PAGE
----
They know more about digital than you do, they're on Snapchat and you are not (I hope) - embrace the future with them and stop boring them with a past that wasn't as rosy as you now like to believe these days.
5. Don't try and create cardboard cut-outs of yourself.
You will be really great, really experience dand able to apply it to all sorts of varies briefs and projects. You will have learned to overcome weaknesses and build on natural strengths.
But your are a one off, the product of a mixture of genes and experiences. Your are a one-off - and so are the people who work for you. They will have different in-built strengths and weaknesses, so making them work in only one way - be that developing workshops, the times of day they best work, getting respect from other departments, the style they write briefs in, how they apply research, how they present - in other words, your way, is doomed to fail.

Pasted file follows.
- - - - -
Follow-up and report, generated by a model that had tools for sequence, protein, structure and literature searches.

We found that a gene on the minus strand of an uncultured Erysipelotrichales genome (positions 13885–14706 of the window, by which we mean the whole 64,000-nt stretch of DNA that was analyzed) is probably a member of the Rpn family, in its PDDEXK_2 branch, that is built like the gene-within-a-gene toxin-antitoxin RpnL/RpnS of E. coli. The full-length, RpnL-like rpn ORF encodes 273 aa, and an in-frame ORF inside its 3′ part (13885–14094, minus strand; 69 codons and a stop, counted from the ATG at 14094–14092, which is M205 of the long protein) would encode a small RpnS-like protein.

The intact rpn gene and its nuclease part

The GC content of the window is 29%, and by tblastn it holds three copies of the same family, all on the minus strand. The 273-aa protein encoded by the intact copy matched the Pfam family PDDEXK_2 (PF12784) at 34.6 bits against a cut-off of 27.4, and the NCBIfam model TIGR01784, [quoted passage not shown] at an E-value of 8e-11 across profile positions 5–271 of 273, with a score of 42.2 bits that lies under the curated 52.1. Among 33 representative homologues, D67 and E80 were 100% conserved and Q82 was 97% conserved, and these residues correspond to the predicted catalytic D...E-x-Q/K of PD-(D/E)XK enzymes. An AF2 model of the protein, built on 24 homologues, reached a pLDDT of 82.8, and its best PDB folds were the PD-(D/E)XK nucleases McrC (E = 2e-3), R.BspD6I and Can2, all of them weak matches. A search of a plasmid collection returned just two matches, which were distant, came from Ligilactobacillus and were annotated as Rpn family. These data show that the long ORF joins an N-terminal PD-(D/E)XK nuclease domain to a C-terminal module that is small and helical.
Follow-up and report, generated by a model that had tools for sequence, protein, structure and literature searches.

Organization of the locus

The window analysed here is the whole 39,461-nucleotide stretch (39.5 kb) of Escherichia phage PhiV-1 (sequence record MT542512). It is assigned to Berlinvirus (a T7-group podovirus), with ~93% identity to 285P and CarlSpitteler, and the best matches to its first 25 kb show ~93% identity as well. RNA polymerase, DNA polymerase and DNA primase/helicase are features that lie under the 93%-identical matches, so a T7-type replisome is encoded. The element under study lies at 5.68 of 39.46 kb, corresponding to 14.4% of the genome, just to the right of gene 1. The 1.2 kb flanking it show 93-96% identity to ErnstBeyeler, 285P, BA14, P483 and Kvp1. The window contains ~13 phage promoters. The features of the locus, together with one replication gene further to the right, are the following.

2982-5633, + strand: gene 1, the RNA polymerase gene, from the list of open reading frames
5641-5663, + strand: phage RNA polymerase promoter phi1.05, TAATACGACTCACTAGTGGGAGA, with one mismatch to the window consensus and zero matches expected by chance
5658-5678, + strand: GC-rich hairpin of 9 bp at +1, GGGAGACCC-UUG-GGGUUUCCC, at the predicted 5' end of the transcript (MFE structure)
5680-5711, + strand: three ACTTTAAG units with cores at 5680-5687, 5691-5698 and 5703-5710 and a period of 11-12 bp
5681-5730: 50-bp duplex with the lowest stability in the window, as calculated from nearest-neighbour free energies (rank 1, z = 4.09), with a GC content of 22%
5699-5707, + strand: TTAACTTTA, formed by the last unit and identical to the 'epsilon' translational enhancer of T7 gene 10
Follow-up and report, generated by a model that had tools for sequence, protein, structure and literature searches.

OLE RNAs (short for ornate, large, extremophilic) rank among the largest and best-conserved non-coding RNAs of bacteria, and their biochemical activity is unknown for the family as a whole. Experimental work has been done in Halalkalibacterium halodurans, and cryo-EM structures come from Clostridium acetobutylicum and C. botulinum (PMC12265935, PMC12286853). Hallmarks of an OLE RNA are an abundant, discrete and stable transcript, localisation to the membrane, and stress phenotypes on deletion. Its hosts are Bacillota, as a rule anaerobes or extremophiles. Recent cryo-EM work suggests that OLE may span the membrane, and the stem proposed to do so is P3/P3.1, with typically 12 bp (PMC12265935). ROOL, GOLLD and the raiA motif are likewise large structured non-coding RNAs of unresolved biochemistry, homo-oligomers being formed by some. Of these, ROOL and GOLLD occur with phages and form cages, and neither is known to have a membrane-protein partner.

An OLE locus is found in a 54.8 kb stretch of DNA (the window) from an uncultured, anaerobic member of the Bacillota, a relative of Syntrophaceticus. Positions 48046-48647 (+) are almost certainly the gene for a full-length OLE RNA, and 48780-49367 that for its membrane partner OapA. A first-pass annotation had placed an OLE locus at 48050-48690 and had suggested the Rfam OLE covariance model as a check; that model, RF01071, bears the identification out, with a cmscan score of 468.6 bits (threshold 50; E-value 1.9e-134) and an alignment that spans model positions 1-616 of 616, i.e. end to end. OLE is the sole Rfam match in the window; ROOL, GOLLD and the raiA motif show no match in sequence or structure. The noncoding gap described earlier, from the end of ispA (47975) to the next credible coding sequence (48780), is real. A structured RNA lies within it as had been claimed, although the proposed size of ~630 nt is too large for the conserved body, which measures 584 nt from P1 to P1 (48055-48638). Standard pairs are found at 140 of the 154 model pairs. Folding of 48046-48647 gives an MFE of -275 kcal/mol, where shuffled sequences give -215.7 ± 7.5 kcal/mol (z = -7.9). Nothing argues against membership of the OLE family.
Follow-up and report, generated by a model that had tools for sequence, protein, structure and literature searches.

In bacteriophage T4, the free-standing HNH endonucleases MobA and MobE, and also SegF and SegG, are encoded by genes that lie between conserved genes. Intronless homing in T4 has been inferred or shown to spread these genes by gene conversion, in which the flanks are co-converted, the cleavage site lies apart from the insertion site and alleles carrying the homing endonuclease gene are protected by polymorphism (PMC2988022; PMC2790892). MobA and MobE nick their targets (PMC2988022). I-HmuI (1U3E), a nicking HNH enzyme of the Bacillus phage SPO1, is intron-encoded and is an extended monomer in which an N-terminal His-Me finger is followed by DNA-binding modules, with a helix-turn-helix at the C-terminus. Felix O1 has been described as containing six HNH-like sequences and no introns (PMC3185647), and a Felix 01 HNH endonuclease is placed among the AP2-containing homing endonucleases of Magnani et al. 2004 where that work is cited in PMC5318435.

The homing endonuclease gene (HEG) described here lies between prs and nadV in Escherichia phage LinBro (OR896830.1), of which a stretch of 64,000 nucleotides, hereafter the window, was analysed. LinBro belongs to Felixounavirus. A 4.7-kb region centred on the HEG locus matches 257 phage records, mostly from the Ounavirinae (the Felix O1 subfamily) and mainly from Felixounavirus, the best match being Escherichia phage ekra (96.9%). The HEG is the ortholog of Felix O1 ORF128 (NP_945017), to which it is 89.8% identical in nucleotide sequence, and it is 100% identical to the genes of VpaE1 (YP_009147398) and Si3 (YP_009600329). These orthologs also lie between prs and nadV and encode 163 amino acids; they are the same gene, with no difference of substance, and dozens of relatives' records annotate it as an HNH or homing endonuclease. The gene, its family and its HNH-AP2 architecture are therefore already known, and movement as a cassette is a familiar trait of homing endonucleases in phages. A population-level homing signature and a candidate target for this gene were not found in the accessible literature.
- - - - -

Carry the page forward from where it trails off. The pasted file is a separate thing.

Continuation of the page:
Figure out what, in your own arsenal are universals anyone should know and practice (always sit in the middle of the table to get gravitas in a meeting, don't get excited about a high index on TGI until you look at the actual percentage of the audience, speak last in any review of any kind of work if you can) and then what should be a library of approaches for your team to try and see what works and what doesn't.
That also goes for presentation decks. They are the background and 'props' for the speaker, no more no less. Insist on any agency template if you like, but apart from that, it depends on how someone presents - naturally 'tell them what you're going to tell them, tell them and then tell them what you've told them' 'find a theme' are universals.